Do tablets and e-readers inhibit reading comprehension?

While prior research has found that digital devices can prevent readers from absorbing text as well as the printed page, a new study counters that: researchers found that university students did equally well on reading comprehension tests when using both formats.

Announced Friday, research led by Jim Johnson of Indiana State University surveyed more than 200 students, with half of the students using an iPad2 to read a textbook chapter while the other half read from a printed textbook chapter. Subjects then took an open-book quiz with eight easy and eight moderate questions on the chapter.

"No matter what the format, no matter what the preference, they did well," Johnson said in a press release. "It was interesting that the gender didn't matter on the test scores."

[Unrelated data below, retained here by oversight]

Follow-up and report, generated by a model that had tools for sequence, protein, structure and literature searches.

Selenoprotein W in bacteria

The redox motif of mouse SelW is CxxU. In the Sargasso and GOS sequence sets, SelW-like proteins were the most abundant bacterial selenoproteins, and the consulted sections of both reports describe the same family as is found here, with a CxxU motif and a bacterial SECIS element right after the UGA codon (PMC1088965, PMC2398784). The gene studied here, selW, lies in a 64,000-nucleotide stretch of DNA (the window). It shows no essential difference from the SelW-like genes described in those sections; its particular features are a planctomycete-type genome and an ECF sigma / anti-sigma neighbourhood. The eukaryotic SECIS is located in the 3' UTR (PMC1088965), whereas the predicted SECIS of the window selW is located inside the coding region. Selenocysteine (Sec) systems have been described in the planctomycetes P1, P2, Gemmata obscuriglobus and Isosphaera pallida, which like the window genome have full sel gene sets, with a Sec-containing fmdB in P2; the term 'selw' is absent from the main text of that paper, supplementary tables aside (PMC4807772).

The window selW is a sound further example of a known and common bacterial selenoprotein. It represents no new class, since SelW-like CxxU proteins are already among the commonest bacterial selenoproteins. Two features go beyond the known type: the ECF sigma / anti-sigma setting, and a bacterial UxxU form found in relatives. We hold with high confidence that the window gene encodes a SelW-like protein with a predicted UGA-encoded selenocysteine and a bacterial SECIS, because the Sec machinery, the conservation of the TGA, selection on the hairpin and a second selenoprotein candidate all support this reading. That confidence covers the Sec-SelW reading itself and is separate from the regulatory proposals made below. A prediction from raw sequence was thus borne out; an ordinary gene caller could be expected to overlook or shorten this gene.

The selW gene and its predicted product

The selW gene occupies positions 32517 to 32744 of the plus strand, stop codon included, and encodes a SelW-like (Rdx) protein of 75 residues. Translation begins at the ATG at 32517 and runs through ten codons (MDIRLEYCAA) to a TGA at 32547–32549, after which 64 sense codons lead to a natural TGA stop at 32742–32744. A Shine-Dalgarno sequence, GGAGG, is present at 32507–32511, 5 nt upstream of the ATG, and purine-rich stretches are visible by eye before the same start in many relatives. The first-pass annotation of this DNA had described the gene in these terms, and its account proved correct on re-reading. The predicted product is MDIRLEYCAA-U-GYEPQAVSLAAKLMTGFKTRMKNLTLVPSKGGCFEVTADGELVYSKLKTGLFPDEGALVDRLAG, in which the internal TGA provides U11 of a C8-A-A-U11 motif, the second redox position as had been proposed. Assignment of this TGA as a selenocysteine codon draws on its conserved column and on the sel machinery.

Men had a mean score of 12.87 out of 16, while women had an average score of 13.60 out of 16. Students age 21 had an average score of 13.87 out of 16, while students age 25 and older had an average score of 13.5 out of 16.

He also found that there was no significant difference on test scores whether or not the participant had past experience using a tablet.

Of the subjects, 88 percent said they had read books on laptops, netbooks or desktops while 51 percent said they had used an iPad, iPhone or iPod to read books. Additionally 36.1 percent said they used a mobile phone to read digital texts.

When asked what they would like to use for reading, 69.1 percent said they would prefer an iPad, iPhone or iPod to read digital text and 68.7 percent said they would prefer a laptop, netbook or desktop computer. Only 48.1 percent said they would prefer using an e-book reader.